Architekt des Gebäudes Erich Mendelsohn (1887 bis 1953)
Saal der Schaubühne, 1980
Umbau der Schaubühne, 1979
Saal B und C mit abgestuftem Saalfußboden
Gesamtraum der Schaubühne (Saal A, B und C)
Handzeichnungen der Schaubühne von Erich Mendelsohn
Blick vom Kurfürstendamm, August 1981
Three transformable stages A, B and C as well as the Studio in the neighbouring building.
Two large sliding panels can be used to divide the large hall – measuring 67.5 m length by 21 m width – into three stages (Stage A, B and C). In this way three performances can be held simultaneously, or any two neighboring substages (or all three) can be combined.
The Mendelsohn Building
The Schaubühne has been housed since 1981 in a building originally designed by the Berlin architect Erich Mendelsohn, who is among the most important German architects of the 20th century. Other noteworthy structures built by Mendelsohn are the Einstein Tower in Potsdam and the »Mossehaus« on Berlin’s Jerusalemer Straße. The architect died in 1953 in America.
On the southern end of Lehniner Platz a group of structures was built which was intended to contain a microcosm of city functions. An early example of multi-use urban construction, the so-called WOGA Complex contained apartment buildings, a shopping street, a café restaurant and a cabaret theater. The most distinctive structure of the group was the »Universum« Cinema, designed for the screen premiere of films by Ufa (Universum Film AG), with a broad, cantilevered horseshoe-shaped hall containing 1800 seats, and the façade’s massive ventilation tower which juts out over the Kurfürstendamm boulevard like a ship’s keel.
In 1937 a cinema operator named Willy Hein took over the »Universum.« Shortly before the end of the war the building was severely damaged by bombing, so that Mendelsohn’s interior was destroyed by fire and forever lost.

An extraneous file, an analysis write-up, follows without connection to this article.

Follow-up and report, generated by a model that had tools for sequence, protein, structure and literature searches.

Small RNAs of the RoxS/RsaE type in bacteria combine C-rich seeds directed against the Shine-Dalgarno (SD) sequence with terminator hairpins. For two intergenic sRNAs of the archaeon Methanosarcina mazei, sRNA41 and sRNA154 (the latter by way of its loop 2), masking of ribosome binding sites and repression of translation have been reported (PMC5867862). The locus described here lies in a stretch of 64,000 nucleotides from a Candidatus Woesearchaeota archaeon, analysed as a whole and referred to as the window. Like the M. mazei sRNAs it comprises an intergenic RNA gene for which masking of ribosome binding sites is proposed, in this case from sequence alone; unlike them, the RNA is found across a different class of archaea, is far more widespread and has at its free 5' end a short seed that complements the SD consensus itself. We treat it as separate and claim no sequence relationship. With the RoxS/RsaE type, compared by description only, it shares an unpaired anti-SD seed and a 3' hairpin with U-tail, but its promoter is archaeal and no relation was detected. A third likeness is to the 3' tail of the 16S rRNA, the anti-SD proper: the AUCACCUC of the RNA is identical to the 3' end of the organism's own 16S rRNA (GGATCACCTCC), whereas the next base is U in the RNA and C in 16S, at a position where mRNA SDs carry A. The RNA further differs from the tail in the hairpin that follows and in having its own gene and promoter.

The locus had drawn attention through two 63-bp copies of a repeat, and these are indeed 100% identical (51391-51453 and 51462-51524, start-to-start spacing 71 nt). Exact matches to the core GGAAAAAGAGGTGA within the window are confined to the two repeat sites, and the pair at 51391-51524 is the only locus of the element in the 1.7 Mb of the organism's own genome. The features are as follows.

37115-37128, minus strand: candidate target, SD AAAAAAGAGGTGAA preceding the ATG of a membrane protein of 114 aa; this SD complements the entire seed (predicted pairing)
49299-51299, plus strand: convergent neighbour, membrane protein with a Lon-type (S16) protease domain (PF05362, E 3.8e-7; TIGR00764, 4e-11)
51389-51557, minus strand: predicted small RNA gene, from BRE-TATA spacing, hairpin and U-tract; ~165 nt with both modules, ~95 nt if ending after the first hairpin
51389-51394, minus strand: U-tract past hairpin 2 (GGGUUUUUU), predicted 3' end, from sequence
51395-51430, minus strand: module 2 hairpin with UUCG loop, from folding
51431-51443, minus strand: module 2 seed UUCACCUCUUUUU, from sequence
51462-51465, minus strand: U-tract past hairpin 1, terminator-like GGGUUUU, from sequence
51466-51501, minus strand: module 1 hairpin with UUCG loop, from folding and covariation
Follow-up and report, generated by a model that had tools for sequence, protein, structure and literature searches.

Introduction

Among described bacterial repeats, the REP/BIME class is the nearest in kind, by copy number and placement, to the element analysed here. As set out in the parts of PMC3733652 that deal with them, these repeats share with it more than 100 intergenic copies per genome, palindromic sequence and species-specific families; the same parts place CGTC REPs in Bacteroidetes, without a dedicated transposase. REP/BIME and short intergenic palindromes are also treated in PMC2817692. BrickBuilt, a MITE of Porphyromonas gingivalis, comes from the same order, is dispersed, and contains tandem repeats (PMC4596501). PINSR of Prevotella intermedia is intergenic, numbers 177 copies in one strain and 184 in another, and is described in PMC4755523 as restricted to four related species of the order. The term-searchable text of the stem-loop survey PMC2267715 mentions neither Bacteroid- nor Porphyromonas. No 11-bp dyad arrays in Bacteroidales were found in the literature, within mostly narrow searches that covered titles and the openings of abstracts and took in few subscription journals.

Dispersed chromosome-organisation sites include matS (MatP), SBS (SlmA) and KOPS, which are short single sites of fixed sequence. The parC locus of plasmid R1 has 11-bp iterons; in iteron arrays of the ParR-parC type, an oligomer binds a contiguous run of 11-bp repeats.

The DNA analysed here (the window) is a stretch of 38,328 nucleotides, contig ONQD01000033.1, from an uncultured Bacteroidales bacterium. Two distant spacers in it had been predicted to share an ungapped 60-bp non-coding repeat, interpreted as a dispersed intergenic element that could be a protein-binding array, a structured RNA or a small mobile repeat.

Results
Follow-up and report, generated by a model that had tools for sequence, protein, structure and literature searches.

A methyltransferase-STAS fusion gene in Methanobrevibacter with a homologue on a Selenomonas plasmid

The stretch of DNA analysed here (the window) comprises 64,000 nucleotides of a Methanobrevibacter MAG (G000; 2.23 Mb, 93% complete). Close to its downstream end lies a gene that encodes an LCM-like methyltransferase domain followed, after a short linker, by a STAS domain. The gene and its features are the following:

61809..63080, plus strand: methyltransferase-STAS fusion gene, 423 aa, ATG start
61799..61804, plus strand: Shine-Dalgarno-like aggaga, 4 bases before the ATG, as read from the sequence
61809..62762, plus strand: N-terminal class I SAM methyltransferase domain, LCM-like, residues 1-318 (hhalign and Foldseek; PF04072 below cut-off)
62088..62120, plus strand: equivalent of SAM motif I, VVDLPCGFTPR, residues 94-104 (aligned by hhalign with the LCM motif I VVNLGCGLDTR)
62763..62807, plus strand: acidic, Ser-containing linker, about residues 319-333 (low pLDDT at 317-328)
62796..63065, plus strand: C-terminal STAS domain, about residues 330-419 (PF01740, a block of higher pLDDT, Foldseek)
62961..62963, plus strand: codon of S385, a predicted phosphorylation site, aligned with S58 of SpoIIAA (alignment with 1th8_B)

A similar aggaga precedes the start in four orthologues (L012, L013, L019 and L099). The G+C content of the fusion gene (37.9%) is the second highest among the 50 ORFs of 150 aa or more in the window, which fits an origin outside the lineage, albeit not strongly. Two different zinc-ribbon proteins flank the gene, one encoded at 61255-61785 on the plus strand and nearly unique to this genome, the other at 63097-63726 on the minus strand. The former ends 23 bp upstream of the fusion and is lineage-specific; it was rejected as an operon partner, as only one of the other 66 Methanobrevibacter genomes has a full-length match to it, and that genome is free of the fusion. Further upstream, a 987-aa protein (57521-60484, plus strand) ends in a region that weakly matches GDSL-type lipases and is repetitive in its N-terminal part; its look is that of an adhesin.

The architect Hermann Fehling was hired to do the building’s reconstruction. After two years of work, the »Studio« cinema was opened in the former front-of-house space; in 1950 the »Capitol« cinema was added in the former main hall, which had been downsized. The surrounding area between the Halensee and the Tauentzien became known as the »Broadway of Berlin.«
In 1968 the »Capitol« was converted to an oversized Beatnik meeting space, and just one year later to a musical-theater stage. In 1973 the »Studio« discontinued its operation as a movie house with Stanley Kubrick’s »A Clockwork Orange.«
From 1978-81 the architect Jürgen Sawade transformed the former »Universum« building, while also restoring its original exterior, into one of the most technically advanced theaters in Germany. The newly designed building on Lehniner Platz, developed under the aegis of the Berlin Senate, was to become the new home of the »Schaubühne am Halleschen Ufer.« The Schaubühne had suffered a lack of space which made a move necessary. It was perhaps the first time in the modern history of theater design that
a theater space was constructed in accordance with the needs of the theater’s experienced practitioners, under constant dialogue in planning and construction between the theater and the architect. Decorative elements were sacrificed during this process in favour of functionality, resulting in a sober but purposeful configuration. The cost of the conversion process totaled approximately 81 million German marks. The Mendelsohn building was placed under landmark protection in 1979.
Since 1981 At the Schaubühne am Lehniner Platz, which began its performances in the new theater in the fall of 1981, there is no longer a separation between the stage and the seating areas, as is the case in conventional theaters; the theater space is fully flexible and can function anywhere as either stage space or seating area. In addition, two large sliding panels can be used to divide the large hall – measuring 67.5 m length by 21 m width – into three stages (Stage A, B and C). In this way three performances can be held simultaneously, or any two neighboring substages (or all three) can be combined. In this manner, all the classical theatrical forms are fully realizable from a technical standpoint – using a proscenium stage, a transversal or thrust stage, an arena stage, an opera stage with orchestra pit, and even an amphitheatre or a kabuki stage – and the house is best prepared to accommodate any future requirements of stage experimentation.